The European Union’s foreign policy chief Catherine Ashton said on Wednesday that she was ready to go back to Egypt to “offer our support and help, not our interference” to the country.
Ashton has visited Egypt 11 times over the past two years. In her last visit in July, the top diplomat was the first foreign envoy to visit ousted Islamist president Mohamed Morsi since his removal by the military on 3 July.
In a speech to the European parliament in Brussels on Wednesday, the High Representative for Foreign Affairs said that in her visits she had consistently outlined the EU’s support for a constitution that can support democracy, for the rule of law, justice, and respect for human rights and freedoms.
"We remain in touch with the Egyptian authorities and politicians on all sides, on a regular basis. We don't take sides - we work to try and help to achieve the best for the people," she said.
The top diplomat recounted her fears at the growing levels of violence and polarisation in July after Morsi’s ouster.
"I could feel the antipathy to the Brotherhood and I could see the growing numbers of people on the streets, the growing worries of religious groups - the Christian community who later saw many churches destroyed," she said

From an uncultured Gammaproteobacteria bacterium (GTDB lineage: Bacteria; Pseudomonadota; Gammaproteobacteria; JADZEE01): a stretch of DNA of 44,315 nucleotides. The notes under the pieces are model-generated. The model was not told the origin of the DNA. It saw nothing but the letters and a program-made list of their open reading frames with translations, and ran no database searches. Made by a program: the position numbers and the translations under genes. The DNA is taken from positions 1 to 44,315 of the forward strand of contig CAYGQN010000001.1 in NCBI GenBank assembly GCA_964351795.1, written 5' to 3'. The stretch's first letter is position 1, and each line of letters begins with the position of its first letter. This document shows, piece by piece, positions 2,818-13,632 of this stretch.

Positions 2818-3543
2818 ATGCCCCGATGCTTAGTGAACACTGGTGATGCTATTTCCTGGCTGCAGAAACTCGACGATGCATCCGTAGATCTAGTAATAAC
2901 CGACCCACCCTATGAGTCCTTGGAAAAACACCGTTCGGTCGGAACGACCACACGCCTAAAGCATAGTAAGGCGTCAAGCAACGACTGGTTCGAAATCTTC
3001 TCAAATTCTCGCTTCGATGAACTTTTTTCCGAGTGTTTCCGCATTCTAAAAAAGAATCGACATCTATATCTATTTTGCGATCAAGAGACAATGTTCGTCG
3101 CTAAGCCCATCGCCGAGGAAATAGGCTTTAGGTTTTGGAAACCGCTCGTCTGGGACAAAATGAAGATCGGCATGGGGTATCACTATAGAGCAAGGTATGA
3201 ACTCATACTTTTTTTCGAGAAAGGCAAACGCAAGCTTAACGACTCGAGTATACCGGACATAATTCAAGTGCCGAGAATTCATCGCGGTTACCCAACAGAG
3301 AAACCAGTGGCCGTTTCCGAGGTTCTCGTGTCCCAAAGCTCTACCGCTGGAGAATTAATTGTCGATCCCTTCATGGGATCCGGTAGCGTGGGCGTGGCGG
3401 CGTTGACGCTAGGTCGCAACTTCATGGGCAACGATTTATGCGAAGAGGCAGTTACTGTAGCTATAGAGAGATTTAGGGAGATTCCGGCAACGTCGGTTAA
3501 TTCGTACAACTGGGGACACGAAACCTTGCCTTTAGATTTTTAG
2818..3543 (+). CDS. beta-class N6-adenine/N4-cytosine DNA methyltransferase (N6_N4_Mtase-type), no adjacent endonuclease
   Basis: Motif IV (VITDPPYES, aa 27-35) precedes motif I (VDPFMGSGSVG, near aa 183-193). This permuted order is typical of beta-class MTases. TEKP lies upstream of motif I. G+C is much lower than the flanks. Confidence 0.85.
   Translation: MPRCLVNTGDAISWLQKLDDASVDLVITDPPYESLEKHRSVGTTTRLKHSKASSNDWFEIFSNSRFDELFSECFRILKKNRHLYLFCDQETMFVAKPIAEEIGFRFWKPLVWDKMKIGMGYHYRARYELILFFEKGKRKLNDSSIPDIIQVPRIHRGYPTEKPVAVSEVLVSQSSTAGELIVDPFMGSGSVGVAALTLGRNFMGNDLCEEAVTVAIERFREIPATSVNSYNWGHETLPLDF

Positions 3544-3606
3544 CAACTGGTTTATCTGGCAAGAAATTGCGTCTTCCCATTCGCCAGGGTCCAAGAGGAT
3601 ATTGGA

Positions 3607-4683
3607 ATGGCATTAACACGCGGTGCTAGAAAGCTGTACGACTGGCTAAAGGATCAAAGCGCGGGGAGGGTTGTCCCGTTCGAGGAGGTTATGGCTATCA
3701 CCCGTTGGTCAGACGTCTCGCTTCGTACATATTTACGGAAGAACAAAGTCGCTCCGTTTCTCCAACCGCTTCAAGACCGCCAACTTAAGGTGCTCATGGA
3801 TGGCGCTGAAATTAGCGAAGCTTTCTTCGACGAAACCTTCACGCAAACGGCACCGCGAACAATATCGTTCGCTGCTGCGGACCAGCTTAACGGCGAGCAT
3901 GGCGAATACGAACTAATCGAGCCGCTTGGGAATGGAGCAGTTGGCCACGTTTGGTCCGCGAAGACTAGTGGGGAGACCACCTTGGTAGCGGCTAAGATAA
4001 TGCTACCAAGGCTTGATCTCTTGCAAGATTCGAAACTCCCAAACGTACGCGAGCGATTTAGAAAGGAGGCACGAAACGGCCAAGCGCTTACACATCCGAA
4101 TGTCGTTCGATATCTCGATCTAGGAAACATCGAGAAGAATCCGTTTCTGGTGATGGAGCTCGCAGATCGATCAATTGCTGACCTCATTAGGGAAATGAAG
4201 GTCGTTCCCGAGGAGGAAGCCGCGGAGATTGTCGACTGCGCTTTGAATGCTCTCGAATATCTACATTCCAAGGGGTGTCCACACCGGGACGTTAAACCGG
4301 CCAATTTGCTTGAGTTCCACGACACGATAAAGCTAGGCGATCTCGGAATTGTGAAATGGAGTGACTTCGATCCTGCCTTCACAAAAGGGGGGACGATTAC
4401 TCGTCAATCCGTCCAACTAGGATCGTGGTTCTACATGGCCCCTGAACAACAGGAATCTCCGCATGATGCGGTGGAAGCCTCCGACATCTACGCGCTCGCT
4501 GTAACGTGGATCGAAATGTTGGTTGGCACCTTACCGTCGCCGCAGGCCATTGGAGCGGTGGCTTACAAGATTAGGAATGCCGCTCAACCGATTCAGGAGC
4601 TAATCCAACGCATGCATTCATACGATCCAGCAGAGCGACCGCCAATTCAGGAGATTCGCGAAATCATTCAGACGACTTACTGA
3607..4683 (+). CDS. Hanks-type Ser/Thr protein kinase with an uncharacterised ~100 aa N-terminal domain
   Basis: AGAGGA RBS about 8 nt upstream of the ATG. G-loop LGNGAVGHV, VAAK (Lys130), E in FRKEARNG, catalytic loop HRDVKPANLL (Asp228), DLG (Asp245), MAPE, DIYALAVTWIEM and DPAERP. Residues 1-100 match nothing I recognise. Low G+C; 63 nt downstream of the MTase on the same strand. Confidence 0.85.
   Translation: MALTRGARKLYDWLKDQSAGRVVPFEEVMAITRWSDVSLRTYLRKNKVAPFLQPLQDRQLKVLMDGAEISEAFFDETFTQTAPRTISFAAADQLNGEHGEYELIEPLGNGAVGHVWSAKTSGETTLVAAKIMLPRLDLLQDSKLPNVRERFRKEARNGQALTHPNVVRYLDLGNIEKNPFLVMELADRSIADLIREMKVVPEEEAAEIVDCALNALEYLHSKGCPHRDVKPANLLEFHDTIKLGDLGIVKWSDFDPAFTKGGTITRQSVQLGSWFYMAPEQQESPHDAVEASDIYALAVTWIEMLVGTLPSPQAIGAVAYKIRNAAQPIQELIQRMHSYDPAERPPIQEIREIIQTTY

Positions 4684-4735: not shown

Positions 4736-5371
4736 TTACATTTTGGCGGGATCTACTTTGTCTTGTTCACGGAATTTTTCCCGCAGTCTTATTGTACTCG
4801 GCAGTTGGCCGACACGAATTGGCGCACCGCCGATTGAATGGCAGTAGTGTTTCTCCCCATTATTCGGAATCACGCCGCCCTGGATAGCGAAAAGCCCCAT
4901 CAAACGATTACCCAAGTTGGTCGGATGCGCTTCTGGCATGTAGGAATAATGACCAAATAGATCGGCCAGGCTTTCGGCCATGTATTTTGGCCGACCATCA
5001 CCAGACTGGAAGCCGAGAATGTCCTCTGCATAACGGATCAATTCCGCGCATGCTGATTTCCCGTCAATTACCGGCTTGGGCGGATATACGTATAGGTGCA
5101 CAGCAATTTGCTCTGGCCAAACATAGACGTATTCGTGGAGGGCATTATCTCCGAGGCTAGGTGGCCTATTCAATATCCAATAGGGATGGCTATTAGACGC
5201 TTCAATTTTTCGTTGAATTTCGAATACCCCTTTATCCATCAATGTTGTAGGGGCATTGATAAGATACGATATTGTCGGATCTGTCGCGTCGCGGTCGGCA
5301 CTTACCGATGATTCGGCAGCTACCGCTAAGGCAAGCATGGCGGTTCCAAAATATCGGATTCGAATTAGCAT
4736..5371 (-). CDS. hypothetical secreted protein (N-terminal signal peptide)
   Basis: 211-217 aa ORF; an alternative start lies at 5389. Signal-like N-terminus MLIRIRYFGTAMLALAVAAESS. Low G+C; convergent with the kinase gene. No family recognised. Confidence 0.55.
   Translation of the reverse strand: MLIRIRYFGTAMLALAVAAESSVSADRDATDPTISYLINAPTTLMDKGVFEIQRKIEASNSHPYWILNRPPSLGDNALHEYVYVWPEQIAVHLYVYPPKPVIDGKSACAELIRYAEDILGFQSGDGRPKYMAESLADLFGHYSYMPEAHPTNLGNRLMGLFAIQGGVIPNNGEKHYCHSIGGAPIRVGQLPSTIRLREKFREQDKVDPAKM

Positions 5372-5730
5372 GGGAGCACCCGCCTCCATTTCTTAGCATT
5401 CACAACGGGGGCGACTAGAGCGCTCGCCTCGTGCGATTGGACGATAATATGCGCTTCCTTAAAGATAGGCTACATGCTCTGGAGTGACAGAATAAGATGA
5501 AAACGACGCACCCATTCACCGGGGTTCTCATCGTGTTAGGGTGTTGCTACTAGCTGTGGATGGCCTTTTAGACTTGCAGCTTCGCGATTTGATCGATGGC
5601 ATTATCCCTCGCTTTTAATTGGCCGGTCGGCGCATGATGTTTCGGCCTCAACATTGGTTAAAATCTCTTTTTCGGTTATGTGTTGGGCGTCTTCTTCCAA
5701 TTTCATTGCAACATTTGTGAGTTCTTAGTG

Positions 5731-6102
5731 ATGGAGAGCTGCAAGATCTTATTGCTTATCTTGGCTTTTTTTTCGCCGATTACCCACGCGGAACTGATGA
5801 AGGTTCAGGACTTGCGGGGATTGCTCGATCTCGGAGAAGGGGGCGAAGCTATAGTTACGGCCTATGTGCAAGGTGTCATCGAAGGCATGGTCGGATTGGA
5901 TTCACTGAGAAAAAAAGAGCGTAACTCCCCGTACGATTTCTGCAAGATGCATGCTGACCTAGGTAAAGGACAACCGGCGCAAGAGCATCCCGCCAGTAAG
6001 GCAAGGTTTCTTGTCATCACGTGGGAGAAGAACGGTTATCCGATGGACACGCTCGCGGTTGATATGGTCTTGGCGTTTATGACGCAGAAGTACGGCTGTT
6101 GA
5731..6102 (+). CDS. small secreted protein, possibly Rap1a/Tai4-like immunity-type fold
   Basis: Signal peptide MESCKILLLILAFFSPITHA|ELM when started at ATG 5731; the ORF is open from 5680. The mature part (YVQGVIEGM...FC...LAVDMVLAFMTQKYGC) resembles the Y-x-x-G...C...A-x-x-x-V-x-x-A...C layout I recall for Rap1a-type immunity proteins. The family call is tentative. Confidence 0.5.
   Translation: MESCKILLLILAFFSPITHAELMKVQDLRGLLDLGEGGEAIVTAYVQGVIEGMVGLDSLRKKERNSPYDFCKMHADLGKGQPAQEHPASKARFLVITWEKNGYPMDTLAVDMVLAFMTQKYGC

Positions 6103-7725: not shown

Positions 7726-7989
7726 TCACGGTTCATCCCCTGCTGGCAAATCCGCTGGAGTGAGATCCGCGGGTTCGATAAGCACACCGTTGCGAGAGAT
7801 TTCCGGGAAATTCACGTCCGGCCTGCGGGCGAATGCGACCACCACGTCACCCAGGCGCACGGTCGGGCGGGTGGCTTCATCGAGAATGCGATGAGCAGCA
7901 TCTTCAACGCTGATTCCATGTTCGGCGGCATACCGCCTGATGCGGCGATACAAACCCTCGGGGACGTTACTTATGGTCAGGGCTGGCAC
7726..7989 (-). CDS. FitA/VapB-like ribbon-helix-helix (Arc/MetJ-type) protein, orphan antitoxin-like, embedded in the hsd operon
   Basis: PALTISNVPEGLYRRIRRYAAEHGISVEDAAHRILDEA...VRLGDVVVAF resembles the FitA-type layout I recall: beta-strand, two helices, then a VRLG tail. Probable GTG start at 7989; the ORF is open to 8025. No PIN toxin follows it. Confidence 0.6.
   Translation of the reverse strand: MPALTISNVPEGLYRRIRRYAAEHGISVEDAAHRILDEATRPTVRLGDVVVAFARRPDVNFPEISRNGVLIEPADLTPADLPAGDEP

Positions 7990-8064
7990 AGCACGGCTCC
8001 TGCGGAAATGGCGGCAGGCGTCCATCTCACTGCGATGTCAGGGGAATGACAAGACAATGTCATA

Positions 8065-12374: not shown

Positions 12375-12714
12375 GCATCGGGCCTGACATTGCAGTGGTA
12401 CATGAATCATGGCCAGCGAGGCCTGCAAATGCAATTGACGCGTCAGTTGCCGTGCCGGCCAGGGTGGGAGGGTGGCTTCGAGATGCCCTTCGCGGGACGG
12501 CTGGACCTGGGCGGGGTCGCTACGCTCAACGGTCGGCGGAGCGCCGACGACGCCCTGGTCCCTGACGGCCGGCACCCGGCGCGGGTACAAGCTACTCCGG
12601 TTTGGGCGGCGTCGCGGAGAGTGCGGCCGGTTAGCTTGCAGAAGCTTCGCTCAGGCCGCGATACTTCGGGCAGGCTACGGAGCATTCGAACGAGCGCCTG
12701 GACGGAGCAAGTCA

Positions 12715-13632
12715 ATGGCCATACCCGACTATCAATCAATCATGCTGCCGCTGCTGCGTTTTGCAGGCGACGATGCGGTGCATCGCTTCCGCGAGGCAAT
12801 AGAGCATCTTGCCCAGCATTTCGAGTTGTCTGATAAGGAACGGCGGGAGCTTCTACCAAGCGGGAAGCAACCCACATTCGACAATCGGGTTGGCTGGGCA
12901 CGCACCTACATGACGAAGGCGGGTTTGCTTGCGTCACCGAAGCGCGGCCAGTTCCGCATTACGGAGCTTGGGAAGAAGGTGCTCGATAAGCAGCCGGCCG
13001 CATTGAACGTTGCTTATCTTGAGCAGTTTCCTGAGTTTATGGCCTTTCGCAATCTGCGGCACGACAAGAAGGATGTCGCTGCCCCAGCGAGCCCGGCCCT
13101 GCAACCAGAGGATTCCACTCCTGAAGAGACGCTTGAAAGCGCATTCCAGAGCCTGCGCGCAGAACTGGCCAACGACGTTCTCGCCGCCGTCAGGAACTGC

The EU strongly condemned a violent crackdown on pro-Morsi protest camps by security forces in Cairo on 14 August which led to hundreds of deaths. Following the violence, the EU halted weapons exports by member states to Egypt. In her speech, Ashton proposed that the EU continue to fund “socio-economic projects” in Egypt that support vulnerable groups “in health, school feeding programmes, poor neighbourhoods and programmes for women."
She concluded by say that Egypt is a “great country” and a “strong partner for the European Union.”
“We want this country to succeed. We want to support it to do so - but to do so with the principles and values that we hold.”